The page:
Tear Gas and Protests Waft Away as S. Korean Students Go Quiet Violent Incidents and Growth of Democracy Dispel Pro-North Movement
Michael Baker, Monitor, The Christian Science Monitor
After decades of firebombs and tear gas, South Korea's protesting students - once their country's conscience and a common sight on television news worldwide - are suddenly going extinct.
Just last year, they were out in full force on Aug. 15, National Liberation Day, demanding reunification with North Korea. Students battled riot police with steel pipes and firebombs. They seized university buildings. Police fired so much tear gas - even dropping it from helicopters - that trees withered around Yonsei University's campus in Seoul.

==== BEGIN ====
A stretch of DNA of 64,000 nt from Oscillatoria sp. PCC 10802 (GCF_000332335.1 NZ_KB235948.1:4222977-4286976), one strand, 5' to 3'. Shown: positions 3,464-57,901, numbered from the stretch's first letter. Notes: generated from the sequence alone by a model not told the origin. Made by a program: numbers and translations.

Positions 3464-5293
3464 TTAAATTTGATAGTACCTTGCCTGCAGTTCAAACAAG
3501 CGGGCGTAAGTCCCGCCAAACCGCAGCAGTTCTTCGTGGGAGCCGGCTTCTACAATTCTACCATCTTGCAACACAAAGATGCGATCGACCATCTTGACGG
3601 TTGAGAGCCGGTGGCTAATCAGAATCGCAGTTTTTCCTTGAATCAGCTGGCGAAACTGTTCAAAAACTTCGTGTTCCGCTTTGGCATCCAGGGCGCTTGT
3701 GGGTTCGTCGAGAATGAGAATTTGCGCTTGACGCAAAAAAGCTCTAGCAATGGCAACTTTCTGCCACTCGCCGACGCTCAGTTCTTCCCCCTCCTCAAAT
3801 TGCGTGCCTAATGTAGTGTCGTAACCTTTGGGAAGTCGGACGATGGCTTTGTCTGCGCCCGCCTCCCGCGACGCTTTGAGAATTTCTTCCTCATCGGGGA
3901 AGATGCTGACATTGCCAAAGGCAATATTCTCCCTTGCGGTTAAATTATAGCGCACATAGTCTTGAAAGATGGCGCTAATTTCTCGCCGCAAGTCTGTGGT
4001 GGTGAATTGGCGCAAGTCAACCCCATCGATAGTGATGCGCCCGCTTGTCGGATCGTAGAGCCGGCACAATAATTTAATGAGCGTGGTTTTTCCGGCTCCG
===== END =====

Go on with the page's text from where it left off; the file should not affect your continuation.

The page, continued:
In addition to destroying property and clogging traffic, last year's confrontation generated public outrage against Hanchongnyon, the Korean Federation of Student Councils. Public disgust, a new government crackdown, and internal dissent are crumbling the federation. During most of the 1980s, when South Korea was still under a dictatorship, the public respected student demonstrators for promoting democracy. But since the election of a civilian president in 1992, they've lost support. After witnessing the radical and violent action of last year's demonstration, an outraged public and many fellow students turned their backs on the protesters. "They don't fight for freedom anymore - just for North Korea," says Lee Joo-seop, a graduate student at Seoul National University. The last straw came early this summer when students mistook an innocent bystander for a police informer and beat him to death. The government was able to declare Hanchongnyon an illegal organization, ordering its members to disband or face arrest. On July 31, at the end of a grace period, government agents started hunting some 450 hard-core student protesters and put up most-wanted posters in airports, and bus and train stations. The Education Ministry threatened to cut subsidies to schools whose student councils don't withdraw from the federation. More than 130 of 206 member colleges have cut ties with the federation so far, and a reformist faction has rallied for the resignation of current leaders. In the past, protesting students aimed to provoke the government by espousing a version of modern Korean history and a strategy for unifying the split peninsula that mimics North Korean propaganda. The government feared such views, if accepted widely, would undermine its legitimacy and its ability to deal with the North. It classified demonstrators as "benefiting the enemy," which allowed them to face arrest. …